One of the most common questions we receive in the ONS’s clinical email box, firstname.lastname@example.org, is from people who want to know how to become an oncology nurse. Although each nurse’s career path is different, here are some frequent ways nurses enter our specialty.
It’s common for nurses to enter oncology through on-the-job training. Many hospitals, particularly larger cancer centers, will hire nurses without oncology experience and provide a thorough orientation. If you or someone you know is interested, consider contacting employers in your area to express interest and ask about their hiring requirements. Also, building knowledge in cancer-related issues through conferences, online resources, and journal articles will reinforce your interest in the field.
Student nurses seeking a position in oncology may want to think about volunteering or becoming a nursing assistant on an oncology unit. This can provide an opportunity to learn oncology nursing in practice. Some centers offer internships or externships that provide opportunities to work in different cancer settings during and after graduation from nursing school. Don’t forget to use ONS resources for student nurses.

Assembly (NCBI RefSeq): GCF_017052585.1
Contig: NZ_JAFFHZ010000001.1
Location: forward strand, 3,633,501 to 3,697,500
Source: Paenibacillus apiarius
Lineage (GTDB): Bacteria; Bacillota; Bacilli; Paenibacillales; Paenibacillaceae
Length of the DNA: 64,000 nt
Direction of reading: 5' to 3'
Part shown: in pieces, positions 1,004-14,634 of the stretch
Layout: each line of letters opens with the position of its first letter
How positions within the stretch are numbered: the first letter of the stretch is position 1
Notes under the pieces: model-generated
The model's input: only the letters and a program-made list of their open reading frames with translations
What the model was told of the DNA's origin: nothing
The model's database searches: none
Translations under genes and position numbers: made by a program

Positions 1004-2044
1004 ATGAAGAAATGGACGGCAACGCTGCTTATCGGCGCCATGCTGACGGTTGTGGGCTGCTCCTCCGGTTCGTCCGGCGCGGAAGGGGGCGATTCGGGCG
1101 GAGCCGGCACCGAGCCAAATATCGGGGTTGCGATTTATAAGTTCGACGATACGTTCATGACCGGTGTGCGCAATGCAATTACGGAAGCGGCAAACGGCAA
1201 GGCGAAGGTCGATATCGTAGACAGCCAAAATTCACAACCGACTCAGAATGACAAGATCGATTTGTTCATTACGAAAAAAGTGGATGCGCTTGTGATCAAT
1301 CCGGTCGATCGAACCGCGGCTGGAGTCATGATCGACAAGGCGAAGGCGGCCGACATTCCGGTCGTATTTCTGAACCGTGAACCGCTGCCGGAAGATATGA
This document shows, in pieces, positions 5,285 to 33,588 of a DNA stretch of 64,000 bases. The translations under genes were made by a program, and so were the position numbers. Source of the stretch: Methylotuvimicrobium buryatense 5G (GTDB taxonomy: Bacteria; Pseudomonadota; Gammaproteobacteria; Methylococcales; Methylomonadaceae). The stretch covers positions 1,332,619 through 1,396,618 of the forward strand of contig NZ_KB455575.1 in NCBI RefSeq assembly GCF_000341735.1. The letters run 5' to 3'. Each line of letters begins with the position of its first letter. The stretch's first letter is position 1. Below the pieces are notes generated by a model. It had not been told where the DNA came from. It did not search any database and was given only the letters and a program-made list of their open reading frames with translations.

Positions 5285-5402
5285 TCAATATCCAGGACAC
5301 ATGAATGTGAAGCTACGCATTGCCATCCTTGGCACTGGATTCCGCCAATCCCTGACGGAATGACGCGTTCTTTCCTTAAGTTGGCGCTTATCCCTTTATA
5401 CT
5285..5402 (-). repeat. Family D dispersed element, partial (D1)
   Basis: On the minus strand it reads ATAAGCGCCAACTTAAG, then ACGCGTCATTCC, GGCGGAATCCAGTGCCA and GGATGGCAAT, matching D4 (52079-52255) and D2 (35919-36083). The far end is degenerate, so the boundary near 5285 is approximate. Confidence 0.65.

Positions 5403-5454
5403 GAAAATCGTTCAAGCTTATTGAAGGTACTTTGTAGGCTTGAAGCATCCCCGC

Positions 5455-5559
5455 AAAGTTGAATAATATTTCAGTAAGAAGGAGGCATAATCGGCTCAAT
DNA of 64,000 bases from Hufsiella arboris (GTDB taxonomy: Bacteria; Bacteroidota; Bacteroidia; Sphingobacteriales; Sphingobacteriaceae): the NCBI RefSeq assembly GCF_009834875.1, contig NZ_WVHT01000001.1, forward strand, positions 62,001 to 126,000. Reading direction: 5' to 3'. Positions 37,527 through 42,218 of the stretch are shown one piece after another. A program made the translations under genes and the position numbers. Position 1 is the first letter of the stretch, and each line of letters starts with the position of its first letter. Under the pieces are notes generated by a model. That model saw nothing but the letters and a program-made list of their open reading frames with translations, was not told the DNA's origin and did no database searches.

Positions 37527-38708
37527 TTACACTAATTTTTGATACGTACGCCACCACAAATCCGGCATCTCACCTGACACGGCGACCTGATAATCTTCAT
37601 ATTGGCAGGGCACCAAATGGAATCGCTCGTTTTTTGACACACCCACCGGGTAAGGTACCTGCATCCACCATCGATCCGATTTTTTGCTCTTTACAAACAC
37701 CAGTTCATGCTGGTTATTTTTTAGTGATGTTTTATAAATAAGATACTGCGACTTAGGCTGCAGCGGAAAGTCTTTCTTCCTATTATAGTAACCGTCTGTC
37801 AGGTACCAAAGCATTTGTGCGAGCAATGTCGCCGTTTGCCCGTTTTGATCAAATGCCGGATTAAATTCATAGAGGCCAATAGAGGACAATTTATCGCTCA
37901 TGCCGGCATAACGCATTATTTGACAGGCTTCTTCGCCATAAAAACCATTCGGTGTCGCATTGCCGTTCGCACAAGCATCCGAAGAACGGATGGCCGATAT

New oncology nurses can gain experience in the specialty by taking advantage of some of the opportunities offered to ONS members on our website and in our educational offerings. At ONS, there are a number of communities that are available based on your specific oncology interests. As a member of ONS, you will join a local chapter where you can network about open jobs, mentorship opportunities, educational offerings, and other needs of oncology nurses.
Oncology certification is encouraged after a nurse has gained experience in the specialty. Visit the Oncology Nursing Certification Corporation to learn about the types of certifications available and the requirements to become an oncology certified nurse.